For utility player, volleyball is exciting, fun

Montana Tech volleyball, like her Anaconda hometown, will like having Kirstin King around just for insurance.
King is a 5-foot-5 senior utility player on the squad. Where she will line up for the Orediggers isn’t set in stone yet, but the safe bet is it won’t be on the front row, unless she does some setting. Her prowess has been on the back row as a defender and the owner of a tough serve that is getting better as she takes on the jump style demanded by new head coach Brian Solomon.
King adapts easily athletically, thanks to growing up in a sports environment and possessing the abilities to have starred in three sports during high school. King’s prowess even landed her a spot on the Carroll Colllege women’s basketball team right out of high school.
However, she truly liked volleyball better, King said, and the move to Montana Tech brought her that much closer to her supportive and tightly knit family. She is one of four Kings currently enrolled at Montana Tech, she said.
“It was a good thing to come to Montana Tech,” King said during a break from a recent Oredigger practice in the college’s HPER Complex. “Marilyn (Tobin) gave me the opportunity, a blessing that way.”
Tobin was the Oredigger head coach at the time. Solomon succeeded her with his hiring last winter.
The opportunity was also capitalized on for educational purposes. King will graduate in December with a degree in business information technology with an emphasis in management. She will then take her place at her family’s State Farm Insurance agency in Anaconda. King has interned there and passed her agent test, so should sit right into the seat.
Her father, Mike, has the agency and her mother, Roxy, is also at the office. Mike‘s older brother, Bob, owns an agency in Missoula. Several other King relatives are in the line of work, making for a far-reaching family business, Kirstin King noted.
“I want to stay in Montana and I want to sell insurance,” she said matter-of-factly.
They probably compete. The Kings still do in sports.
“We have a family basketball tournament every Christmas,” King said. “They’ve taught me how to compete and how to be a leader, and how to be a teammate.”
She was taught so well that this year’s Orediggers voted King a co-captain, along with fellow seniors Shersteen Cline and Lacey Phelan.
King was Academic All-State all four of her years in every sport in high school and attained Frontier Academic All-Conference honors in college volleyball. She earned 10 varsity letters in high school with postseason honors in basketball, softball and volleyball. She held the school 3-point shooting record – later broken by current Montana Lady Griz Torry Hill – and was a member of the Copperheads’ state Class A championship basketball team in 2008. She was her class’ Female Athlete of the Year at Anaconda High School.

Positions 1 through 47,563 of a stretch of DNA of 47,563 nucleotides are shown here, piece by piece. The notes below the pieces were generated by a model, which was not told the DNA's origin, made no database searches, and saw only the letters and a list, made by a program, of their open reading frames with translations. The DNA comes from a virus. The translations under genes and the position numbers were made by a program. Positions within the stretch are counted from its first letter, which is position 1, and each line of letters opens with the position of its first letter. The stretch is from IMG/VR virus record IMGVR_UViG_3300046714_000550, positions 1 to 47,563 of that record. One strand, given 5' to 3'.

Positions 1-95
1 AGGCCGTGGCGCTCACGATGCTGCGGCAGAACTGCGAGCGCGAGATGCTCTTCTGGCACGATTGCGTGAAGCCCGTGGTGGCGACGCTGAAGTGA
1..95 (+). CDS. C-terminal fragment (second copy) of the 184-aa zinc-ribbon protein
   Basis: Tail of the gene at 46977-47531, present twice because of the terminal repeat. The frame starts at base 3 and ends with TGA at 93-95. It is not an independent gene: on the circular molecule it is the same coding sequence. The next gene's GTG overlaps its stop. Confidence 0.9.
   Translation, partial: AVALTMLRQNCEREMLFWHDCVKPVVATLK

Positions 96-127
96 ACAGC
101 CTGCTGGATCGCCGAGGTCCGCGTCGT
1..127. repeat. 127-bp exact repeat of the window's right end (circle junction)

While quite skilled in her specialties, she has continued to seek more improvement.
“Brian has increased my speed on my serve,” she said of tutelage from Solomon. “I’m doing different angles and doing a jump-float serve where I start from the basketball line. It helps because of my (smaller) size. It gives me more room (for a target).”
King appreciated her time working with Tobin and easily mentions it. However, she also likes what Solomon has brought to the program from South Carolina where he coached another NAIA school, Columbia College.
“It’s good,” she said, laughing that Solomon refers to her and the other smaller players as the “littles.” “It’s a lot different system. We have more new faces that returners. It’s exciting and fun, right now.”
Solomon has a divinity degree and has spent much of the preseason looking to connect the holdovers with the new recruits in team-building activities. The first week included a trip to Georgetown Lake and other get-to-know-you activities have been on the agenda.
“We don’t go because we have to, but because we want to,” King said.
She added the new coach is supportive of the players’ academic needs, as well, and willing schedules practices and drills around the individuals’ schedules when possible. He is available to help catch the player up on drills and preparation, too, if need be, King said.
“The teachers are all supportive, good about it, too,” she added. “They want to see us succeed.”
King, now, is ready to lead a charge. A recent preseason poll saw the Frontier Conference coaches pick the Orediggers to place eighth in the league this year. It might have dismayed some, but seems to have fired King up as she embraces her captain’s duties.
“We have a lot of obstacles to overcome and being ranked eighth in the preseason means we’re taking that to mean we can just go up from there,” she said. “We’re going to change people’s minds. If people overlook us, we’ll catch them by surprise.
“You never want to underestimate an Oredigger.”
Montana Tech opens its season on Tuesday at Montana Western in a non-conference match. The Orediggers’ home opener is set for Sept. 6 against Montana Western in their first conference contest.



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